Timothy Bradley battled to a split-decision triumph over Juan Manuel Marquez to retain his World Boxing Organization welterweight title.
Bradley remained unbeaten, and denied 40-year-old Marquez a world title in a fifth weight class.
The bout featured the last two fighters to beat Filipino ring hero Manny Pacquiao going head-to-head in a close, tactical contest.
To the jeers of a pro-Marquez crowd at the Thomas and Mack Center, two judges awarded the bout to Bradley, 116-112 and 115-113, while the third judge saw it 115-113 for Marquez.
Bradley almost sent Marquez down with a left hook in the closing seconds of the 12th.
The 30-year-old US champion — 10 years younger than Marquez — was the aggressor through much of the fight, but he avoided the kind of brutal slugfest he endured in a unanimous decision victory over Ruslan Provodnikov in March that left him nursing a concussion.
Even so, Bradley said this decision offered no room for the kind of argument that greeted his controversial victory over Pacquiao in June of last year.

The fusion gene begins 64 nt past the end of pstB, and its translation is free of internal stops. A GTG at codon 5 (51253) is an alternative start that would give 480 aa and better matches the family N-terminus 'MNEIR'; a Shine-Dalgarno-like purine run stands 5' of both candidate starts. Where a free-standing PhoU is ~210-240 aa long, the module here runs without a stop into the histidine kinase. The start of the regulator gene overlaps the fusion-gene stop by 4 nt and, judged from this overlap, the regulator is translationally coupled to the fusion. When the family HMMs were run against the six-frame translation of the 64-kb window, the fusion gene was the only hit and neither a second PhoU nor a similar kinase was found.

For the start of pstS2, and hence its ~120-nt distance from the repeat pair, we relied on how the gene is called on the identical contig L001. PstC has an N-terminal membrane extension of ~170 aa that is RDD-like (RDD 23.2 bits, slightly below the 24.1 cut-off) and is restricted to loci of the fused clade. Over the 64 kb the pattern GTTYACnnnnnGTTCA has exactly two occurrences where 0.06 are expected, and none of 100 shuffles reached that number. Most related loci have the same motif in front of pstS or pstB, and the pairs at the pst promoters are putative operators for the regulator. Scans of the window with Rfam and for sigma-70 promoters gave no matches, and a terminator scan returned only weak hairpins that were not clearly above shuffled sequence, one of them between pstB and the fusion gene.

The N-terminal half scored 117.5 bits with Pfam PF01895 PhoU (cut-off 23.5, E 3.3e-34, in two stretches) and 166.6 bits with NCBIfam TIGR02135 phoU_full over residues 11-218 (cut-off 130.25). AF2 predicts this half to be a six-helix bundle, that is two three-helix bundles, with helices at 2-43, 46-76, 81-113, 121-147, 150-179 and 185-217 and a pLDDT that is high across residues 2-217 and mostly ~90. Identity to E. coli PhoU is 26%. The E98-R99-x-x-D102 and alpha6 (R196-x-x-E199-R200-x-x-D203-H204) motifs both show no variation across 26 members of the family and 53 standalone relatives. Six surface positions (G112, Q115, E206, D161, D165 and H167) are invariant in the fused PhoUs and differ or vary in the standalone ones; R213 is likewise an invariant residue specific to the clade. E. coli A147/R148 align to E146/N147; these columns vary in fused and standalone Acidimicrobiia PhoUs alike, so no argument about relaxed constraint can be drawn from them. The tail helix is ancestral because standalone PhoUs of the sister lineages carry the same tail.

“He couldn’t touch me,” Bradley said. “I gave him a boxing lesson.”
Marquez kept it close, and rocked the champion in the ninth, insisting he thought he’d done enough to earn the victory.
“I know I did my job and I’m happy with what I’ve done,” said Marquez, who fell to 55-7 with one drawn and 40 knockouts. “I landed the best shots . . . to win a fight it’s not always necessary to win by KO.”
Marquez is no stranger to disappointing decisions. He endured two narrow defeats and a draw against Pacquiao before stunning “Pac-Man” with a sixth-round knockout in their fourth fight in December.
“I’ve been robbed six times in my career,” Marquez said. “I clearly won the fight.”
On the undercard, former champion Orlando Salido knocked out Orlando Cruz in the seventh round to regain the vacant WBO featherweight title.
Salido improved to 40-12-2 with 28 knockouts while Cruz, who made headlines as the first openly gay pro fighter, fell to 20-3-1 with 10 wins inside the distance.
Two-time Olympic gold medalist Vasyl Lomachenko of Ukraine made an impressive professional debut with a fourth-round knock-out of jose Ramirez in a scheduled 10-round bout.
Lomachenko, who was born in the Odessa region, won gold medals at the 2008 and 2012 Olympics. He also won world boxing titles in 2009 and 2011, along with a European championship gold medal in 2008.